In his 2005 book, "What's the matter with Kansas?", political analyst Thomas Frank made the argument that conservatives had ascended politically in this country because of their ability to persuade low- and middle-income working people in the heart of the country to vote against policies that are in their self-interests.
It's an interesting theory, and one that can be reframed for California now that Riverside County Supervisor Jeff Stone has proposed the creation of a State of South California -- one that would include a baker's dozen of inland, mostly politically conservative counties. Stone's argument is that the Democratic counties on the coast dominate state politics, and thus produce statewide policies that would be rejected in the State of South California.
The problem with this theory -- and a hat tip here to the Riverside Press Enterprise's Jim Miller for calling attention to the issue -- is that the most of the counties that would be in South California are huge users of state educational, healthcare and social welfare programs, while the counties on the coast are the major tax donors who support those programs.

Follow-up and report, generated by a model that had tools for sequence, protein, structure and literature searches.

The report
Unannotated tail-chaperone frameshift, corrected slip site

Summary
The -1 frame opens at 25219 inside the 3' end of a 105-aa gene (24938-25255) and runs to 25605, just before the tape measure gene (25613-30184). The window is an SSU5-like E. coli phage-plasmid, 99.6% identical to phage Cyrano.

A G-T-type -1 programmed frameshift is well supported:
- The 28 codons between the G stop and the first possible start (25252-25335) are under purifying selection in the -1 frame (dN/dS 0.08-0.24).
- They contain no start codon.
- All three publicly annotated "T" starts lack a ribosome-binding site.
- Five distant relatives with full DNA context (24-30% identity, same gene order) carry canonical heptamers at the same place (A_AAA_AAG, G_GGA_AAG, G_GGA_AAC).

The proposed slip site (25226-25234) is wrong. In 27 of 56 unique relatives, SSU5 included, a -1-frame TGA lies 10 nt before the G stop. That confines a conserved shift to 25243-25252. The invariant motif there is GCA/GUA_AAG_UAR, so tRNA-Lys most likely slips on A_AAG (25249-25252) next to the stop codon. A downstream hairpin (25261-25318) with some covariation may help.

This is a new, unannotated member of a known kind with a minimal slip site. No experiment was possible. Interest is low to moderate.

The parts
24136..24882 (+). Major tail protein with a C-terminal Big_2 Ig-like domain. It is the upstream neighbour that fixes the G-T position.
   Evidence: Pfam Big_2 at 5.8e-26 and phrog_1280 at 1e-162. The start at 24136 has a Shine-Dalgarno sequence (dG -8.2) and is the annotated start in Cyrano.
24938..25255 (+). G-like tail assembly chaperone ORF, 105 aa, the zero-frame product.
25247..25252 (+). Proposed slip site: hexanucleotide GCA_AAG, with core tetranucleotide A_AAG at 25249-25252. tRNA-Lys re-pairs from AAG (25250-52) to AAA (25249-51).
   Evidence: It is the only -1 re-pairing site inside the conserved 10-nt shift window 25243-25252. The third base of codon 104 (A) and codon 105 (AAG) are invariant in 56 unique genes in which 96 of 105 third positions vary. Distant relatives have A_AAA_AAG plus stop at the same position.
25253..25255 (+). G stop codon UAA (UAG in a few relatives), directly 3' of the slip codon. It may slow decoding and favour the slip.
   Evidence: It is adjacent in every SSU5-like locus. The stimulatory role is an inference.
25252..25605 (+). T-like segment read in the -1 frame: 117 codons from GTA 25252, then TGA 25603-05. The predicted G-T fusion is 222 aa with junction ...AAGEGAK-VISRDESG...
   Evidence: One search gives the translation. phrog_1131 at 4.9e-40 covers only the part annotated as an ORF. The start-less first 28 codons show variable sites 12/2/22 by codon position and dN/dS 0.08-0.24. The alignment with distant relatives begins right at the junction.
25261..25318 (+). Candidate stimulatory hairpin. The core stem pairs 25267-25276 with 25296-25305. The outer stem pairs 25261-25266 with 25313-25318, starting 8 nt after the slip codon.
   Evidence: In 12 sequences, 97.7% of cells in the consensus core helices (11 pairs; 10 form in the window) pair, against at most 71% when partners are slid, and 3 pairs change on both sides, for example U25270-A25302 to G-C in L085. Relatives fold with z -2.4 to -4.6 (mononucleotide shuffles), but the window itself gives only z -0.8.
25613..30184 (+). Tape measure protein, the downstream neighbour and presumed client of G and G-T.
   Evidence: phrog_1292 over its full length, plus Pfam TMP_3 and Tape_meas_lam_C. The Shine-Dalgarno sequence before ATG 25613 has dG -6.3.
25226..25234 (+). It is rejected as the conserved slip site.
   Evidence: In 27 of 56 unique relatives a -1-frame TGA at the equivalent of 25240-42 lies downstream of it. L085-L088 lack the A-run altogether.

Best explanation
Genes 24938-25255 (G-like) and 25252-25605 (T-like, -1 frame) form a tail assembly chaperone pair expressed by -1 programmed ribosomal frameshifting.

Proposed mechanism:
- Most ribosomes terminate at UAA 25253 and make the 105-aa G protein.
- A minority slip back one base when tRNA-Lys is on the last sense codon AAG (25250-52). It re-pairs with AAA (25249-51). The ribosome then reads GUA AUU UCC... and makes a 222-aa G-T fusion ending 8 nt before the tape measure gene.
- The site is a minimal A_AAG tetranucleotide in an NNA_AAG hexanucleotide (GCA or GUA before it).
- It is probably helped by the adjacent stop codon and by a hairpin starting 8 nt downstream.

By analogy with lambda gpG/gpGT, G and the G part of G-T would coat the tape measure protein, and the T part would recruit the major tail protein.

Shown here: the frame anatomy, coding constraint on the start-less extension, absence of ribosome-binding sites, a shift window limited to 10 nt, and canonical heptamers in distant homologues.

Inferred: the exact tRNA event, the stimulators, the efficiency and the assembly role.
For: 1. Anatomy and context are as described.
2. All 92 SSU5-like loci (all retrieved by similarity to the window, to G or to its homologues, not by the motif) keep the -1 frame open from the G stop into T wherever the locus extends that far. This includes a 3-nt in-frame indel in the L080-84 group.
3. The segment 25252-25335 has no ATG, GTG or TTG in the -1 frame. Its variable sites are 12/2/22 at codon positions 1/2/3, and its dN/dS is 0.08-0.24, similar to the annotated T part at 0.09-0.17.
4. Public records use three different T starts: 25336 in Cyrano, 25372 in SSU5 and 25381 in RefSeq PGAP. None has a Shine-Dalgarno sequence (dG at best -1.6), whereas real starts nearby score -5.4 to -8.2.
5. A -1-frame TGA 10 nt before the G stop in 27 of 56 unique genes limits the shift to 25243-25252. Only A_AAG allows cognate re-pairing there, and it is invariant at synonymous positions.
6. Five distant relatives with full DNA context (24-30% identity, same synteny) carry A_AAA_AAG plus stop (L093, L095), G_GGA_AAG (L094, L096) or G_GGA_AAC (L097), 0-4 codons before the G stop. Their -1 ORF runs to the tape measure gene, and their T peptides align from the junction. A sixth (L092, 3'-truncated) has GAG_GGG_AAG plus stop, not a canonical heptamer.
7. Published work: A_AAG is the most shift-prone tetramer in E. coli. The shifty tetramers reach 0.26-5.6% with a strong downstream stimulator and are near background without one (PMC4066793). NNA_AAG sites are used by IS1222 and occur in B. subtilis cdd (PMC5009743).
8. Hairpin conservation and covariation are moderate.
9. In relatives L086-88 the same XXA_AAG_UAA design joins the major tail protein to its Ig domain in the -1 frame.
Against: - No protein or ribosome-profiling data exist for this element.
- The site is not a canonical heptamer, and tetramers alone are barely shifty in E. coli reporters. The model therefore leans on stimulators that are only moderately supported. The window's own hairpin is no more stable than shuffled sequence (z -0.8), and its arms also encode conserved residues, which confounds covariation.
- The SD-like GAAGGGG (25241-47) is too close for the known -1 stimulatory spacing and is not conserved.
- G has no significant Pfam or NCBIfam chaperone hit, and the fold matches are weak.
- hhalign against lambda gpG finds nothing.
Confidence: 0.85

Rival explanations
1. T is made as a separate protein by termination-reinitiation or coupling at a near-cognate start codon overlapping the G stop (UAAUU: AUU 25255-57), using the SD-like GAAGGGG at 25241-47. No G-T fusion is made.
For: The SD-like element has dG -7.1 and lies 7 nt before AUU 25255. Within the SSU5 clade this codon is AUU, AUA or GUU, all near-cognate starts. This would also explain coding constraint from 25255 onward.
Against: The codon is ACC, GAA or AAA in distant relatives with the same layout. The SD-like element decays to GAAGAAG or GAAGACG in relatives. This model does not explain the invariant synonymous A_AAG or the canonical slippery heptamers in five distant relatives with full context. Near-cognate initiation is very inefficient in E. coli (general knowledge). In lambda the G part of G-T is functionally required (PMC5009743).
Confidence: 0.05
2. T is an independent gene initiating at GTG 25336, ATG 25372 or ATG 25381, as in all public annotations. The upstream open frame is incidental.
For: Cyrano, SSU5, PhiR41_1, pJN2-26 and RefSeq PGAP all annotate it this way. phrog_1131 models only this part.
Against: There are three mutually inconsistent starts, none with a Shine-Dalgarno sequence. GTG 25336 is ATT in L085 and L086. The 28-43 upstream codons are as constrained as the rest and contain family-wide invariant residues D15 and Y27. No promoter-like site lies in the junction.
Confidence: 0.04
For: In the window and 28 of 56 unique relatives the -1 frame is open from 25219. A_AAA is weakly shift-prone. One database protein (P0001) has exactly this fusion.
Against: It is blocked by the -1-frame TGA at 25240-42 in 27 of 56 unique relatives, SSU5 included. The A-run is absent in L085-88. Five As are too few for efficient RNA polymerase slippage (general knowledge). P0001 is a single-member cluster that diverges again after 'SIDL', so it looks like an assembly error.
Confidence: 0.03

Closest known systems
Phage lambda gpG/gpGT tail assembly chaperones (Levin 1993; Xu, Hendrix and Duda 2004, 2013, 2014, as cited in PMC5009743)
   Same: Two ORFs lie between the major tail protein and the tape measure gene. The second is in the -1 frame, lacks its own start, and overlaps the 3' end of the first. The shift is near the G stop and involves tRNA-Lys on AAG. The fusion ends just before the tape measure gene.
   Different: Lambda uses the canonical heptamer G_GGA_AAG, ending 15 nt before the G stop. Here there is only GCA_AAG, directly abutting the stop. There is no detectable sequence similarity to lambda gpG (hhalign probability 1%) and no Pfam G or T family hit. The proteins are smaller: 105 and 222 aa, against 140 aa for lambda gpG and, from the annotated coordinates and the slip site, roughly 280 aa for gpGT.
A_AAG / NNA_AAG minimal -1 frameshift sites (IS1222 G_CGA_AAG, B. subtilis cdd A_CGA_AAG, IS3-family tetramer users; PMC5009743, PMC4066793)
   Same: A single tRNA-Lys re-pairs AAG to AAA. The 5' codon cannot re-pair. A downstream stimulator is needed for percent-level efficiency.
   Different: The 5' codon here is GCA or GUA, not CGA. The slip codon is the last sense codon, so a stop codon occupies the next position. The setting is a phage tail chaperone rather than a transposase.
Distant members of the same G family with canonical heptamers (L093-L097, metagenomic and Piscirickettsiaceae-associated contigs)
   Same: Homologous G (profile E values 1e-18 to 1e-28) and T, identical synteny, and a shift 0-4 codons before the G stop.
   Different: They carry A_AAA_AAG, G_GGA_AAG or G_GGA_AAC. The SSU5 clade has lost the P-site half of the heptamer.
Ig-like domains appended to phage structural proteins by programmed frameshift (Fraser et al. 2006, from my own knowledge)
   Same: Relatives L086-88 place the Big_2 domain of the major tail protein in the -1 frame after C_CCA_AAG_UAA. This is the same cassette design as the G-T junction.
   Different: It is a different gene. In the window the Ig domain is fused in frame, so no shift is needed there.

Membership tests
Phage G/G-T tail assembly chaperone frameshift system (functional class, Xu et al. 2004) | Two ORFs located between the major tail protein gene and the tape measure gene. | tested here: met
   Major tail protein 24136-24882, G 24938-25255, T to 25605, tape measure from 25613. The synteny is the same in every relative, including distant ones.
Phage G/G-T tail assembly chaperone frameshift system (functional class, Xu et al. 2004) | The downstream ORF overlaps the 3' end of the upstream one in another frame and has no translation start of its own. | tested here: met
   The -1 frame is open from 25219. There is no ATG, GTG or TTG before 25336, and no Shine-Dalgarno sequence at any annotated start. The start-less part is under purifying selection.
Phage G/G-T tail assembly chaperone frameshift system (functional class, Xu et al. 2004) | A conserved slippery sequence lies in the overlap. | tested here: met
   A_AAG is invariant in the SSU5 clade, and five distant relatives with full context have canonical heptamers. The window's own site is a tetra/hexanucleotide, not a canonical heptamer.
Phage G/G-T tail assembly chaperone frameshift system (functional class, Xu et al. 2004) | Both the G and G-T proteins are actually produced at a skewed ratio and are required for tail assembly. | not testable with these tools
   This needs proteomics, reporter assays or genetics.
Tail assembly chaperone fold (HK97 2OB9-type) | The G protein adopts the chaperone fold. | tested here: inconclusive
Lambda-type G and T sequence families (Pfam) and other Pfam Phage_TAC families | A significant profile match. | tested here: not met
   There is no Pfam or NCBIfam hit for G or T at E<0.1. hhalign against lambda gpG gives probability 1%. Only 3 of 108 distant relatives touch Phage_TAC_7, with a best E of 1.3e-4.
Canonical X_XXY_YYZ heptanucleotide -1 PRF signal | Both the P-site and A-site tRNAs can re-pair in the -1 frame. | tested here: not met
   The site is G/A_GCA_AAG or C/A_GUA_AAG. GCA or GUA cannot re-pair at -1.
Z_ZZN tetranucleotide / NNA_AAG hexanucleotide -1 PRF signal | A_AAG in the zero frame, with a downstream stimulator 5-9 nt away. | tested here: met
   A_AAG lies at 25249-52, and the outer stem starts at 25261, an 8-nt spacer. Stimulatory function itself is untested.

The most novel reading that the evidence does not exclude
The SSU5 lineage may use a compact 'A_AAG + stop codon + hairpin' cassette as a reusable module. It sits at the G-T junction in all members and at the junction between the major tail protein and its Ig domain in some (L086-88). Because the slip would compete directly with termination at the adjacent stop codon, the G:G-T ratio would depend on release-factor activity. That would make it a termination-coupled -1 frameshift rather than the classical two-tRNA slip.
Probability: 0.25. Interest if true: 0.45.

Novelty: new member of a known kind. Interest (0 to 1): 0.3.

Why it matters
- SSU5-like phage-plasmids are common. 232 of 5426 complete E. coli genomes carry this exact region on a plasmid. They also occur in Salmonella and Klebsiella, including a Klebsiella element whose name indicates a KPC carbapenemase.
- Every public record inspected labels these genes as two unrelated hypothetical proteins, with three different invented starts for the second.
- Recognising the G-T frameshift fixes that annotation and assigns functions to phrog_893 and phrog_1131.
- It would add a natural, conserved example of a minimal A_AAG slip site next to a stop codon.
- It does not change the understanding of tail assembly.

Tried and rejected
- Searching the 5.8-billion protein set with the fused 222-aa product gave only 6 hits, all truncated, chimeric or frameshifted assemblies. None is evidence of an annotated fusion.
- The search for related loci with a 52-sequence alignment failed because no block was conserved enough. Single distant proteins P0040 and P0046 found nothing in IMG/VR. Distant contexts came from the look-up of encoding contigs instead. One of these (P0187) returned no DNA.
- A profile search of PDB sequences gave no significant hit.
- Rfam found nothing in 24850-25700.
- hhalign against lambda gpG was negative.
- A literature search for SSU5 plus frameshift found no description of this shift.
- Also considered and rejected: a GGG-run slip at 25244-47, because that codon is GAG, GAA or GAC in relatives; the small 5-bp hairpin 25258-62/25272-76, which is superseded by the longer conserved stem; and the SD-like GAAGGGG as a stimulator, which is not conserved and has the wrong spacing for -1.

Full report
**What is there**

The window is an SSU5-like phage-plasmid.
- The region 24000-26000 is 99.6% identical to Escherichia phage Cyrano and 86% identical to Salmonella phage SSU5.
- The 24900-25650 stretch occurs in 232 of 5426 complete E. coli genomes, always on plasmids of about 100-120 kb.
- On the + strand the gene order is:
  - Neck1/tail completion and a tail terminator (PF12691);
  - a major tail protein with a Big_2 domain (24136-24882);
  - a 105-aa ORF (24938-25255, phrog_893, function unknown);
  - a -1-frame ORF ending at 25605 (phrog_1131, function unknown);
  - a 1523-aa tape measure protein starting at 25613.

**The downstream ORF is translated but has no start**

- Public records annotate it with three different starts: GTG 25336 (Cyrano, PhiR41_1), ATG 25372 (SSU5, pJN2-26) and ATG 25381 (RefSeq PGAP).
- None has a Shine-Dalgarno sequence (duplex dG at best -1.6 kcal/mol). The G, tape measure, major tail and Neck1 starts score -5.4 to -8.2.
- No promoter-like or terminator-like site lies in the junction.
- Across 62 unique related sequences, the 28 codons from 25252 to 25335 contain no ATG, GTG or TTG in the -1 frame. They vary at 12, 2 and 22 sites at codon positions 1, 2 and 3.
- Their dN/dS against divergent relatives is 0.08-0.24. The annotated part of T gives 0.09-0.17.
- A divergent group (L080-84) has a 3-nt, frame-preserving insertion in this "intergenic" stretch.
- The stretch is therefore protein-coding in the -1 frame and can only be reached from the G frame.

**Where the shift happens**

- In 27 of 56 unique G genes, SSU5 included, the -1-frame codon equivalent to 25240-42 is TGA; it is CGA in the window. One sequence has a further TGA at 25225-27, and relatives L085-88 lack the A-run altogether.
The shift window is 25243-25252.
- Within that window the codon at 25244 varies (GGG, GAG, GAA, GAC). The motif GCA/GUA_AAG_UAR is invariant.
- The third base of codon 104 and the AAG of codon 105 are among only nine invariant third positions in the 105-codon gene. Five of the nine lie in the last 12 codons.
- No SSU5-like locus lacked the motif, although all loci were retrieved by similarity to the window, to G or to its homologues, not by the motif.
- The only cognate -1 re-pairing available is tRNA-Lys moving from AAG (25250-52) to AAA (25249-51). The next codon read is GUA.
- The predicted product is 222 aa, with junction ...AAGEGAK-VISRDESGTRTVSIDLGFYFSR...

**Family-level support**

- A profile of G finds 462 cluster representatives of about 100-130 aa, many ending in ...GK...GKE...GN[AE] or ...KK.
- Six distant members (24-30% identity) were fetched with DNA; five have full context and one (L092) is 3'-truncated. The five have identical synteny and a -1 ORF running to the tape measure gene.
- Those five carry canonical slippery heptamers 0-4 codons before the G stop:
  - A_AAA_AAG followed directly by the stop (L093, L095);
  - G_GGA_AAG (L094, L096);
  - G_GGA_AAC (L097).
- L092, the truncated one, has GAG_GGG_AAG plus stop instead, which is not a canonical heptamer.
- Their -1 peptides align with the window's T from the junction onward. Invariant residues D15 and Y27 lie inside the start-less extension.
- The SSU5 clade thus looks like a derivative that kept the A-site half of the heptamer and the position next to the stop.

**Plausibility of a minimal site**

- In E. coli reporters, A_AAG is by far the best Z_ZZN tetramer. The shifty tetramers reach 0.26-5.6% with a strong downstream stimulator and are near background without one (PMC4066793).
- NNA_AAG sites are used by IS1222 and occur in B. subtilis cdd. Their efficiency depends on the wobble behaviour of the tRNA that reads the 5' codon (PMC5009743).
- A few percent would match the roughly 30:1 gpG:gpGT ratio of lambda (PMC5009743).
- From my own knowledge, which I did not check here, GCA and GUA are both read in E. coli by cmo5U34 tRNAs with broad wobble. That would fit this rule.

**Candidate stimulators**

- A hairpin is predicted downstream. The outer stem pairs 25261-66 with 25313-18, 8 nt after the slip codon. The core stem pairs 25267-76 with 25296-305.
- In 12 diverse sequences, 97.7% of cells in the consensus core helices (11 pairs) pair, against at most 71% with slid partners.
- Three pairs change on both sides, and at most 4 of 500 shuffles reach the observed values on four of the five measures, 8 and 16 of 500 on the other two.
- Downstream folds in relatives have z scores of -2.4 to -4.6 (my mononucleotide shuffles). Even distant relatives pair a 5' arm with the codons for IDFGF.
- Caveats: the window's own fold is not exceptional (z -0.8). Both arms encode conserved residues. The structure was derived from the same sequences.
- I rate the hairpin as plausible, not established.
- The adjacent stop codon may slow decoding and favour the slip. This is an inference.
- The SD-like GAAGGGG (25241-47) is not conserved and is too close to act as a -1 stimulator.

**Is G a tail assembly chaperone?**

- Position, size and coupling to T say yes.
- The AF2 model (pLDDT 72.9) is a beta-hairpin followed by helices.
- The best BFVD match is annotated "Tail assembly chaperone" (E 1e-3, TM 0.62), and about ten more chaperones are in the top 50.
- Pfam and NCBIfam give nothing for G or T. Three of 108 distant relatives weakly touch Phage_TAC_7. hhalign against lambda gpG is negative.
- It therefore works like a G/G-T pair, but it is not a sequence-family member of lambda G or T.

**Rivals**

Former Assembly Budget Committee Chairwoman Noren Evans, now a Democratic state senator representing Sonoma and Napa counties, produced an enlightening report a couple years ago detailing who gives and who receives among the state's counties.
Among the biggest recipients (based on per capita costs for various state services) are such Republican-dominated counties as Inyo, Madera, Mariposa, Mono, Fresno, Kings, Kern,Tulare and San Bernardino -- mostly poor, rural counties with high unemployment that are nine of the 13 counties included in Stone's secession idea.
Nearly all the biggest donors (based on per capita sales and income taxes) are along the coast, including all the largely Democratic counties touching the San Francisco Bay (Sonoma, Napa, Marin, San Francisco, Contra Costa, Alameda, Santa Clara, San Mateo) and the Southern California coastal counties of San Luis Obispo, Santa Barbara, Ventura, Los Angeles, Orange and San Diego). Of those, only Orange and San Diego would be included in Stone's proposed new red state.
In other words, Stone's State of South California would be something like Mississippi East, while the rest of California would be able to afford a level of government services not seen on this side of the Atlantic.